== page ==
NetWatch

Science  12 Jun 1998:
Vol. 280, Issue 5370, pp. 1663
  1. SITE VISIT: The Science of Sick Plants

    Like medical doctors, plant pathologists need to keep a wide range of sciences in their little black bags—everything from molecular biology to entomology. A good way to keep track of all this expertise is to consult The Plant Pathology Internet Guide Book (PPIGB), a directory that describes and rates thousands of sites related to plant diseases and their treatments.

    The 3000 links range from home pages on gypsy moths to primers on Karnal bunt fungus and databases of herbicide-resistant weeds. Thorsten Kraska of the University of Bonn in Germany, who created PPIGB (hosted at the University of Hannover), annotates each site and marks the best with a special symbol. They're sorted into 25 sections, including disciplines (such as bacteriology, nematology, and mycology), topics (integrated pest management, for example), and resources (meetings, jobs, journals, and education). There's a page where new entries are noted, a search function, and even a “lost NOT found” that notes broken links.

    Attesting to its popularity, PPIGB has mirrors sponsored by phytopathology societies in Australia, the United Kingdom, and the United States. A search engine could find many of the listed sites, of course. But as plant pathologist James MacDonald of the University of California, Davis, says, “It's nice to go to a place where there's been a presorting.”

  2. NEWS: Galileo's Notes See Light of Cyberspace

    Very few historians of science have ever had the opportunity to study Galileo Galilei's “Notes on Motion.” Despite its historical significance, the material, which is kept safe at the National Library in Florence, Italy, has never been published—until now. Last month, in a joint project by the library, the Institute and Museum for the History of Science in Florence, and the Max Planck Institute for the History of Science in Berlin, some 270 pages were posted on the Web for perusal by anyone interested in the history of physics (www.mpiwg-berlin.mpg.de/Galileo_Prototype/).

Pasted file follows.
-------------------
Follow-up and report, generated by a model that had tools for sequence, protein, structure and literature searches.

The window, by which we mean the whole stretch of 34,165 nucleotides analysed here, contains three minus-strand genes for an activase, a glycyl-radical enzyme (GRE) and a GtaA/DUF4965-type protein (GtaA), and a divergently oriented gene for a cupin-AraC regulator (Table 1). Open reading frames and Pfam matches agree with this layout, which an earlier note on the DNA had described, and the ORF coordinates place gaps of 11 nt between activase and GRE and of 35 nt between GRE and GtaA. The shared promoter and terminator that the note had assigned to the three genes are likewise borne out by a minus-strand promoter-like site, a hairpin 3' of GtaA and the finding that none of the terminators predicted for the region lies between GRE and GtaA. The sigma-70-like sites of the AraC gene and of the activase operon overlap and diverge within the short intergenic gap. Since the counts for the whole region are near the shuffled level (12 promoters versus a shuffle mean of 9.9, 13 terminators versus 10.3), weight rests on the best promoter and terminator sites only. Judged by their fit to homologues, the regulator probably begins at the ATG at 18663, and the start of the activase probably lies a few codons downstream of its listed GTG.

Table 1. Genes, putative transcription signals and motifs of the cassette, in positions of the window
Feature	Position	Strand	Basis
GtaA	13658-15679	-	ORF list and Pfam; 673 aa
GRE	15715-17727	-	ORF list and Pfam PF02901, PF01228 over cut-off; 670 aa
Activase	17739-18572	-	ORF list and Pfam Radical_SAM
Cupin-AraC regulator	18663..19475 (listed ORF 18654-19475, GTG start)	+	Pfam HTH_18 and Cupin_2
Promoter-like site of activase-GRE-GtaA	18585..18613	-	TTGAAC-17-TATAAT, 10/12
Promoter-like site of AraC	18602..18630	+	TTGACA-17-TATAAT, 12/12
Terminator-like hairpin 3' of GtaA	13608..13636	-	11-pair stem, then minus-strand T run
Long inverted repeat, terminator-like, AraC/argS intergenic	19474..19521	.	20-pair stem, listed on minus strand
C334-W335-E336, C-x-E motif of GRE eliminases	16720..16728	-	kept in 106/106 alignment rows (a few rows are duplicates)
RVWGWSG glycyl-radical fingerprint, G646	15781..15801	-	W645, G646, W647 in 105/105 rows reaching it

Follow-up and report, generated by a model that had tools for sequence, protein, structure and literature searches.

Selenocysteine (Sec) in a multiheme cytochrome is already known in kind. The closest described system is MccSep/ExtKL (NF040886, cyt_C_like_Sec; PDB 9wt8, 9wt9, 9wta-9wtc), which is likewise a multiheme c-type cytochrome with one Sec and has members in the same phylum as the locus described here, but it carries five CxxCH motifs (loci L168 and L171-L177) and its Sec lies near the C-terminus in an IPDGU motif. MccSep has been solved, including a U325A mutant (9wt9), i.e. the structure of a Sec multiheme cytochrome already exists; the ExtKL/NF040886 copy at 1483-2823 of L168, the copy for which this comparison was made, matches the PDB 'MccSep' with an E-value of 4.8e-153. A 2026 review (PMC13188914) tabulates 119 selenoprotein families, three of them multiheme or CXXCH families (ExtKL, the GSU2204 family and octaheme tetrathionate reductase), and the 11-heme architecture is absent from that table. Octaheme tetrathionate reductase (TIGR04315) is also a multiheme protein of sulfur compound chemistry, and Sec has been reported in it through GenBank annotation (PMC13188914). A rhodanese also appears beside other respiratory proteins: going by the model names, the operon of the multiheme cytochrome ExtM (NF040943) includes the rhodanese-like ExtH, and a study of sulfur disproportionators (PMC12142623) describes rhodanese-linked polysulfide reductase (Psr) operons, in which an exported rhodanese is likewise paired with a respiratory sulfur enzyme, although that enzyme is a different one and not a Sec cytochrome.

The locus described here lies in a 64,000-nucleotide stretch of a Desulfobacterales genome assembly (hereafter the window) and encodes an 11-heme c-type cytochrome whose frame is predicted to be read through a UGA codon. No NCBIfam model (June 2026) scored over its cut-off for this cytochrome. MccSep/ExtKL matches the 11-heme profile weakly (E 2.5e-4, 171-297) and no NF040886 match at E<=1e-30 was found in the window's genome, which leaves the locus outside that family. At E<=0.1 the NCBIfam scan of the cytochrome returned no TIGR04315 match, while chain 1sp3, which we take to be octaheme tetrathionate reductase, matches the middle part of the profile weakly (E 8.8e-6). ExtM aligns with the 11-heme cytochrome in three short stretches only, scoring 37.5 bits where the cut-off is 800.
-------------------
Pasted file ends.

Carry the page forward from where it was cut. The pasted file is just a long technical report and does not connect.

The manuscript, a chaotic collection of Latin and Italian texts, tables, calculations, proofs, and drawings, served as the raw material for Galileo's monumental Discorsi (1638), which laid the foundation for classical mechanics. Max Planck science historian Jürgen Renn first proposed publishing the Notes in print a decade ago. But the Internet proved a much better medium, Renn says, both because dissemination is easy and because of how complex material could be organized: Hyperlinks guide visitors from images of the yellowed pages of the manuscript to the transcribed and translated text, or to the corresponding proof in the Discorsi.

    “It really opens up new possibilities for presenting the results of our scholarly work,” says Renn. His institute and collaborators at Tufts University near Boston plan to put more mechanics manuscripts on the Net. “Basically, we want to do the same with every source from antiquity to the early modern period,” says Renn.

  3. NET PICS: Sundance

    Loops of million-degree plasma tethered by magnetic fields leap from the sun's surface in this false-color image taken in late April by NASA's Transition Region and Coronal Explorer (TRACE) spacecraft, launched on 1 April. Posted on Lockheed Martin's TRACE Web site, the image was made in ultraviolet light and shows unprecedented detail in the loops (red marks the hottest ones, about 1.8 million °C). On a fast computer, one can also watch black-and-white movies of a small “magnetic reconnection” on 8 May, an event in which tightly wound fields snap and link up with neighboring fields. Magnetic reconnection releases energy that can trigger a solar flare and, ultimately, disrupt power systems on Earth. The site also has links to TRACE data centers. In a new development for NASA, the project is releasing data hours after it's taken instead of waiting a year so that investigators can publish.

  4. Hot Picks

    Geekspeak glossary. Ever heard of an extranet? If not, never fear: You'll find definitions for this and other Internet-related terms—from proxy server to TCP/IP to cyberpunk—at this site, as well as a guide to how the Internet works. whatis.com

    Neutrino hunt. Hundreds of physicists around the world are trying to catch and weigh neutrinos, the mysterious subatomic particles that may help account for the universe's missing mass (see p. 1689). For links to all these neutrino experiments as well as historical background, go to www.hep.anl.gov/ndk/hypertext/nu_industry.html

    Far West rattlings. Click on earthquakes displayed on a map of California and Nevada and get up-to-the-minute positions, magnitudes, and other numbers. The site includes links to other quake info. quake.wr.usgs.gov/recenteqs/

  5. Science Online

    We all know that our brains don't work normally when we're under pressure. The Enhanced Research Commentary (p. 1711) by Arnsten explains how stress causes dysfunction of the prefrontal lobe, which controls our ability to plan and screen out distractions—while enhancing memory of emotional events. Go online for links to a reconstruction of the brain, background on posttraumatic stress and attention deficit disorders, and more.

    Send Internet news and great Web site suggestions to netwatch{at}aaas.org

Log in to view full text